A good year

Rabbi blowing shofar 520 (photo credit: Ariel Jerozolimski)
Rabbi blowing shofar 520
(photo credit: Ariel Jerozolimski)
I am always struck by the contrast between Rosh Hashana in Israel and in the Diaspora. In the Diaspora, together with Yom Kippur, it is one of the three most important days of the year for Jews. Jews who do not otherwise attend the synagogue will absent themselves from work and school to show up on Rosh Hashana. Synagogues expand and extra services are held. In Israel, on the other hand, where the chasm between secular and religious is so wide and so blatant, the holiday is seen as much less important than Pessah, Succot, Hanukka or even Purim for the majority of the population.
Indeed, Rosh Hashana is the most problematic Jewish holiday for secular Jews in Israel. We see this in the way in which this two-day holiday – the only two-day holiday we have, which often, as this year, stretches into three days – becomes a wonderful opportunity for people to get away and enjoy nature and the seashore. As someone once put it, “It is more honored in the beach than in the observance.”
The problem that secular Jews have with Rosh Hashana is that it has no particular historical or agricultural meaning. Furthermore there are few picturesque aspects that they can latch on to like a Seder or a succa. Therefore it is largely ignored.
Yom Kippur seems to have retained an aura of sanctity about it so that secular people at least respect it and may even go to the synagogue or stand outside it as their last tie to religious Judaism. Not so Rosh Hashana. The truth is that Rosh Hashana is indeed a religious holy day in the purest sense of the word, and if one is not a believer there is little attraction in it beyond the apples and honey.
The ancient origins of Rosh Hashana are obscure; the Torah tells us nothing about it other than that we are to sound the shofar (Leviticus 23:24-35; Numbers 29:1). It does not even call it “Rosh Hashana.” That moniker came later and is an innovation of the Sages. Even the idea that the world was created on that date is relatively new, and was not agreed upon by all the sages when the Mishna was compiled around 200 CE. Rabbinic Judaism made it into “Yom Hadin” – the Day of Judgment, and “Yom Hazikaron,” the Day of Remembrance when God remembers all of our deeds. It was the Sages who connected Rosh Hashana to the holiday that comes on the 10th of the month, Yom Kippur, the Day of Atonement. Thus Rosh Hashana became the time to begin the process of attaining forgiveness for our sins, and the sages specified that we are concerned not only with ritual cleansing of the Sanctuary, but with sins that are moral and ethical in nature.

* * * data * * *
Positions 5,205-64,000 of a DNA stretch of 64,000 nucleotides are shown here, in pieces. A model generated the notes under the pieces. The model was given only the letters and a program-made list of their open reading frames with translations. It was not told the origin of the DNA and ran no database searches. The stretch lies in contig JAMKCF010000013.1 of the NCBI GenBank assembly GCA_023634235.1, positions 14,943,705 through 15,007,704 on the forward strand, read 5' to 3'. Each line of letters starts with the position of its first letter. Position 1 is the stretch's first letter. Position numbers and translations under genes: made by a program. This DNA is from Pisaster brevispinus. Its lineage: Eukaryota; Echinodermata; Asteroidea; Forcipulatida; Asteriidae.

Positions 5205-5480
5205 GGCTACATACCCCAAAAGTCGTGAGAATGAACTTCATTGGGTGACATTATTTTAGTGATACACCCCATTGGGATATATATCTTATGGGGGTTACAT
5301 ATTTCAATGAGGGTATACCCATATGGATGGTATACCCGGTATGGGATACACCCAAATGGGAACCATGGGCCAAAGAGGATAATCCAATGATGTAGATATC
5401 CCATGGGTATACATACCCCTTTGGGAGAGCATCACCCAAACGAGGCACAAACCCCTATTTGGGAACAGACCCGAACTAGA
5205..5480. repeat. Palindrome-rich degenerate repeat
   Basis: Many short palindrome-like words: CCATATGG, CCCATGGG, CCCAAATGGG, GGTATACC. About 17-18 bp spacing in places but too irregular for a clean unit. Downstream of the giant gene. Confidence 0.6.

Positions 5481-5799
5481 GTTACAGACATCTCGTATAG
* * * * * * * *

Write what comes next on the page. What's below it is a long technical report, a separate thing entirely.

Is all of this truly meaningless for the “secular” population? Do we not all need an opportunity to consider our actions, to judge our lives, to believe that what we do matters? Judgment implies responsibility. Our actions have consequences. They matter and they can be judged on an absolute scale, they can be classified as right or wrong. We are all called upon to consider our deeds and given an opportunity to make amends and to start afresh, changing and bettering ourselves. These ideas should be important for all of us, not only for “the religious.”
Observant Jews are too quick to write off the so-called “secular” population, and that population is too quick in divorcing itself from the Jewish tradition. Most of them are not atheists, not even agnostics. They simply are not “Orthodox” in accepting upon themselves the observance of Jewish Law as they have come to know it.
Rosh Hashana has a message and a meaning for all of us, “religious” and “secular” alike. All of us need a “day of remembrance” in which we consider what we have done and what we have not done over the past year and in which we make important decisions as to how we will continue our lives. All of us need a “day of judgment” in which we acknowledge our responsibility for our own lives. The observance of such a day will truly make this coming year a shana tova – “a good year” for us all.